Barbara Mack hugged Larry Miller after he apologised for killing her brother, Edward David White. But if she were 30 years younger, she told him, "I would have been across that table at you."
Barbara Mack lives a block from the corner where her teenage brother was shot to death while on his way home from work on September 30, 1965. Hasan Adams was only 8 months old when the bullet took his father. Azizah Arline was months from being born and never met her dad. More than a half-century later, they have finally received an apology from and discussed restitution with the man who committed the murder.
In two recent meetings, the family of Edward David White, who, unarmed and without a police record, was shot at age 18 and left to die in the street, met in person for the first time with his killer, who was himself a teenager at the time and is now an executive at Nike.
He is Larry Miller, who pleaded guilty to second-degree murder as a 16-year-old gang member and has said he was drunk and out to kill the first person he saw that night. He served 4 1/2 years in prison for that crime and five more years for a series of armed robberies before rehabilitating his life and building a prosperous, high-profile career as a sports and marketing executive.
Miller, now 72, is chair of the Michael Jordan brand at Nike and a former president of the Portland Trail Blazers. He kept his criminal past hidden for decades, until he wrote a book with his daughter, published Tuesday, called Jump: My Secret Journey From the Streets to the Boardroom.
The book is meant to show how redemption is possible if corrections officials are committed to more than warehousing inmates. But although writing the book has brought healing for Miller, it has reopened wounds for the White family.
Miller did not name White in the book, nor did he inform White's family that the book was being written or that it would be published. By chance, a family member read an article about the murder and the book in Sports Illustrated in October, an article in which White's name was mentioned. His relatives expressed a feeling of being blindsided to The New York Times, which told White's story in November.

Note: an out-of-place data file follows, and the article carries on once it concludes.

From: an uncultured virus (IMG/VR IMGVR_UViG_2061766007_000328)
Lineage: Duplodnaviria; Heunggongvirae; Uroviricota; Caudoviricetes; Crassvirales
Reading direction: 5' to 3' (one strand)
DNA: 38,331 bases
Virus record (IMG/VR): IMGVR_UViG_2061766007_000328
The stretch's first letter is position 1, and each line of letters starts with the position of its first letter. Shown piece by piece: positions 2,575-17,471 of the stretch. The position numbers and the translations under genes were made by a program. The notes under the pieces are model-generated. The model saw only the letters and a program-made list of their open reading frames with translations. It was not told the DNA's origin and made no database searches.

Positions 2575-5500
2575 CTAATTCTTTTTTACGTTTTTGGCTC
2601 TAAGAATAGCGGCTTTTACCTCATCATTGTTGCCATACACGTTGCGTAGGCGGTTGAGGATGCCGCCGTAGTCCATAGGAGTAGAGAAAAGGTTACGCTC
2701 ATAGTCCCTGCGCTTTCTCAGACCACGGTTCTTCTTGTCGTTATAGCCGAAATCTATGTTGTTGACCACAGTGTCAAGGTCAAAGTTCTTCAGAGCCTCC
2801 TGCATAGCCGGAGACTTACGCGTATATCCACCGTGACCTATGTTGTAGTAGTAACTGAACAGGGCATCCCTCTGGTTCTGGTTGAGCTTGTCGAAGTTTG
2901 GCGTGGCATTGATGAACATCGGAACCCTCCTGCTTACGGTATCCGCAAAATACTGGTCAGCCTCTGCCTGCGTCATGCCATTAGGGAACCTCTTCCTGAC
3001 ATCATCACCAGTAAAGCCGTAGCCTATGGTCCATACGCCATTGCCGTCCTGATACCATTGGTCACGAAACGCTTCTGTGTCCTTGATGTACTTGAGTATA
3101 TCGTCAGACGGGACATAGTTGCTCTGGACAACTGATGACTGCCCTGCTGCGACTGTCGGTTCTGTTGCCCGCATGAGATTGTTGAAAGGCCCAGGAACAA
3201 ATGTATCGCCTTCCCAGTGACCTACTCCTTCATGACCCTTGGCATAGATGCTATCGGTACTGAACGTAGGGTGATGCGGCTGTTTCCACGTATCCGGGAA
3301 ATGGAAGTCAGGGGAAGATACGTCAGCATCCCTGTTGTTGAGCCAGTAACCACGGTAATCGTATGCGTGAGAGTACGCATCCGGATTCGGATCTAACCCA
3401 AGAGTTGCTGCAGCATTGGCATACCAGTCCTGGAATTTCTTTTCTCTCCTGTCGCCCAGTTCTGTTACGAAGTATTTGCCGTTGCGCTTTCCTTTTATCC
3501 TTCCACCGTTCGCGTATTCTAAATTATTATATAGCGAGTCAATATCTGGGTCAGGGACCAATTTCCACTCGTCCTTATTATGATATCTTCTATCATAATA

On December 17, Miller met with White's sister, son and daughter in a law office in Philadelphia's Center City district. The meeting, spurred by the Times' story, was described as emotional by the participants. Mack, who is 84, said she told Miller that she forgave him for the murder, that "if I didn't forgive him, God wouldn't forgive me."
She said she read Miller a letter about her younger brother, telling him that White had a twin sister, a young son and a baby on the way. She told of how he worked at a diner and attended Job Corps training. How he had what she called "swag," a sense of style in a fedora, a love of the Temptations.
Miller kept apologising, she said, and at times tears welled in his eyes.
At the end of the meeting, Mack said in an interview Sunday, Miller asked if he could hug her and she said yes. But she said she also told him, "If I was 30 years younger, I would have been across that table at you."
She did not attend the second meeting.
"I don't have to see him anymore," she said of Miller.
In an interview Monday, Miller declined to describe the meeting in detail, saying that he wanted to let the family share their perspective first. But he said that it was emotional and that he hoped White's family felt his "remorse and sorrow for what happened."
As for Mack saying that if she were younger, she would have gone after him, "it was an appropriate comment from my perspective," Miller said.
A second meeting last week included preliminary discussions about Miller establishing a scholarship foundation in White's name, funded in perpetuity, that would assist his descendants and perhaps others in attending college or trade school, according to the family and their lawyer, Ronald Marrero.